Federal Trial Delayed for Air Force Veteran Charged in Border Wall Fraud Scheme

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U.S. Air Force Sr. Airman Brian Kolfage
In this Jan. 14, 2016 file photo, retired U.S. Air Force Sr. Airman Brian Kolfage, speaks with the media during a 2016 groundbreaking ceremony for a new home he and his family were receiving through the Gary Sinise Foundation's RISE program at Sandestin, Fla. (Devon Ravine/Northwest Florida Daily News via AP)

MIRAMAR BEACH — The May 24 trial date that had been set for Air Force veteran Brian Kolfage and co-defendants on federal charges of conspiracy to commit fraud and money laundering has slipped drastically, according to recent court documents.

In a March 2 order, U.S. District Judge Analisa Torres of the Southern District of New York declared that the May 24 trial date was adjourned and that the court would "seek to schedule a jury trial for the third calendar quarter of 2021."

But then, in an order dated April 20, Torres noted that after reviewing the dates that the defendants, their counsel and the court would be available, she determined that "due to conflicts in the court's and the parties' availability in the third quarter of 2021, the Court ... will instead seek to schedule a jury trial for the fourth calendar quarter of 2021."

The order asks the parties to submit dates of availability for a fourth-quarter trial by July 16.

Kolfage, who lives in Miramar Beach, lost both legs and an arm in a 2004 enemy rocket explosion in Iraq. He faces the charges in connection with We Build The Wall Inc., a Florida-based nonprofit he founded in 2019 to collect donations for private construction of sections of wall along the U.S.-Mexico border.

There had been three other defendants in the case, including Steve Bannon, who served for a time as former President Donald Trump's chief political strategist during Trump's single term in office. Indicted along with Bannon and Kolfage were Florida investor Andrew Badolato and Colorado real estate agent Timothy Shea.

All four men were charged with conspiracy to commit fraud and conspiracy to commit money laundering, charges which could carry combined prison sentences of as much as 40 years for each of them.

Broadly, the indictment handed down against Kolfage and the other men last August by a grand jury in the Southern District of New York contends that, despite assurances that Kolfage would not be compensated for his work heading up We Build The Wall Inc., he covertly took more than $350,000 from the organization while Bannon used a nonprofit organization of his own to take more than $1 million from We Build The Wall. Badolato and Shea allegedly were involved in a scheme to use fake invoices and sham "vendor" agreements to steer the money to Kolfage.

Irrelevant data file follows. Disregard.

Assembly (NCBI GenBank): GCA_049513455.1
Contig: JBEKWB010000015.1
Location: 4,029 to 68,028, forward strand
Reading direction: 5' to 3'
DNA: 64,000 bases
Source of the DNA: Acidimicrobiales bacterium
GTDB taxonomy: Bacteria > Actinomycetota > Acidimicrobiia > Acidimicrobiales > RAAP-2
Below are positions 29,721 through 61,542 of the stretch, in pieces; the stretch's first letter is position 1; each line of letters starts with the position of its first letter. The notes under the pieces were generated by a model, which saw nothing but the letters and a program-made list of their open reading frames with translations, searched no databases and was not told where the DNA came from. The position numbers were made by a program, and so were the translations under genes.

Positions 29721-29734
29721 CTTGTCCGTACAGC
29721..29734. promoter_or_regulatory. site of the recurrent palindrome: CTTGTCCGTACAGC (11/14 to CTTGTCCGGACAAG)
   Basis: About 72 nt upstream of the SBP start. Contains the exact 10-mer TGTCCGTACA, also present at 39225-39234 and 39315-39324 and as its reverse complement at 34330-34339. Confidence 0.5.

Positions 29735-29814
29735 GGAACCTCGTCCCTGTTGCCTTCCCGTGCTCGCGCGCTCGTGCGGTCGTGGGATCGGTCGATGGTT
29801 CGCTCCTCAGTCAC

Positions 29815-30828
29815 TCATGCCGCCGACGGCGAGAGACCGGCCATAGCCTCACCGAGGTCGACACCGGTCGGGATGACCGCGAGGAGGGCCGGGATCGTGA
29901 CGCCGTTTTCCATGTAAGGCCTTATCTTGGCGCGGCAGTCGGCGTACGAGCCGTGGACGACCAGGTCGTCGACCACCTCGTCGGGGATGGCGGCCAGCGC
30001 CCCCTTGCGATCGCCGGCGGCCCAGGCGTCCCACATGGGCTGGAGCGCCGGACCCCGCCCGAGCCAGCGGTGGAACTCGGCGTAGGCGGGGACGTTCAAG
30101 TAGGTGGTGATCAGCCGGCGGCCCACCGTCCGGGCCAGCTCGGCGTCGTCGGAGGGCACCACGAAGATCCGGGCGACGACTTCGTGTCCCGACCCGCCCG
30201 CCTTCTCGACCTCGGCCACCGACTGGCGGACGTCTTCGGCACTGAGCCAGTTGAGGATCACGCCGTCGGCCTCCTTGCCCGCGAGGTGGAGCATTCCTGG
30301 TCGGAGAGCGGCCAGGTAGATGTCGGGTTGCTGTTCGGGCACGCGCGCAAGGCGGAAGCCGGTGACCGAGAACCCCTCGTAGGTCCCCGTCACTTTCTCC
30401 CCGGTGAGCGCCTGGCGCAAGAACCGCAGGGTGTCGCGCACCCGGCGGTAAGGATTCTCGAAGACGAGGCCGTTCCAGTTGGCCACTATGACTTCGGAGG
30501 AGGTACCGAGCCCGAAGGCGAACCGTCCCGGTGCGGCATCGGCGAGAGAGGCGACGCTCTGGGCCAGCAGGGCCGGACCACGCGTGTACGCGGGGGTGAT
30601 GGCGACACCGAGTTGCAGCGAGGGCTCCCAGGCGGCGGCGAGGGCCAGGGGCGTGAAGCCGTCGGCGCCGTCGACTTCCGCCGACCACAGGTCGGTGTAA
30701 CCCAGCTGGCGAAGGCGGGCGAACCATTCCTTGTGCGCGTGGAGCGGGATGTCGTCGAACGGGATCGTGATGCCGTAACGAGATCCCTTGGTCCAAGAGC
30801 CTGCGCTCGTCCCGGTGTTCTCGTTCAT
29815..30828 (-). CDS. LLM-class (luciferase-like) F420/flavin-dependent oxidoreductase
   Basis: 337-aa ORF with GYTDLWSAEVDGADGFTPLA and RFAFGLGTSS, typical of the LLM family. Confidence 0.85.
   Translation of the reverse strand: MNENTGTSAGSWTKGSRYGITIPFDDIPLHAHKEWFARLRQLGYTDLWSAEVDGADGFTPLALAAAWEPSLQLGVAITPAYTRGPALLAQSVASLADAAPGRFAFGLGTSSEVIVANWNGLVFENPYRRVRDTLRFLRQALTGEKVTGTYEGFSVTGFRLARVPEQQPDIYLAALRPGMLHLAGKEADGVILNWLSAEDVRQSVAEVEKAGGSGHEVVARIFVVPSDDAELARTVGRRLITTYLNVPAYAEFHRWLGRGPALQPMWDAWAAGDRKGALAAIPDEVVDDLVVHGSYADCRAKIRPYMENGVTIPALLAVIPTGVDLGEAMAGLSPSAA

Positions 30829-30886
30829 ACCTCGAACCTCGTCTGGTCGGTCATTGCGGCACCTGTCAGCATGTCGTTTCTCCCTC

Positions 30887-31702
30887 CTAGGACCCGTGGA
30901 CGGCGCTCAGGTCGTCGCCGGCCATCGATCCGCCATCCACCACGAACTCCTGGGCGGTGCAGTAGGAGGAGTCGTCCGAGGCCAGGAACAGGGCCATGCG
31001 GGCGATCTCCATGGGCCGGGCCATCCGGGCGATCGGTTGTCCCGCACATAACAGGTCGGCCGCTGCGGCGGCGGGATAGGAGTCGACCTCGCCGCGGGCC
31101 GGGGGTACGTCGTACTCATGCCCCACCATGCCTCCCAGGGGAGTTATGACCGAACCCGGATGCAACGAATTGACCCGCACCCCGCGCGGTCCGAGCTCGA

Trump, however, pardoned Bannon, and his indictment was administratively terminated by the U.S. Attorney's Office for the Southern District of New York.

But Bannon's counsel, Robert J. Costello of the New York law firm Davidoff Hutcher & Citron LLP, has recently argued in court filings that the administrative termination is an insufficient response to the pardon. Costello contends that an administrative termination "suggests a temporary suspension that might be revived in the future."

"The continuation of the indictment under these circumstances serves no legitimate purpose," Costello wrote in his filing.

Kolfage has contended that there were political motivations for bringing the case forward in the Southern District of New York, but prosecutors have indicated the case was brought there because some of the victims of the alleged scheme live within the jurisdiction.

In his own recent court filings, Kolfage, through his counsel, has continued to press his point that the assets of We Build the Wall Inc. that were collected after January of this year are not subject to forfeiture because those donations came in after the nonprofit organization announced that Kolfage would receive a salary for his work.

Prosecutors have countered that the grand jury indictment "alleges the scheme was perpetrated up to the date that the indictment was returned in August 2020," well past the January announcement of Kolfage receiving a salary.

Up next in the case, according to court documents, is a conference set for the early afternoon of May 3 to be conducted via videoconference.

This article is written by Jim Thompson from The Walton Sun, Santa Rosa Beach, Fla. and was legally licensed via the Tribune Content Agency through the Industry Dive publisher network. Please direct all licensing questions to legal@industrydive.com.

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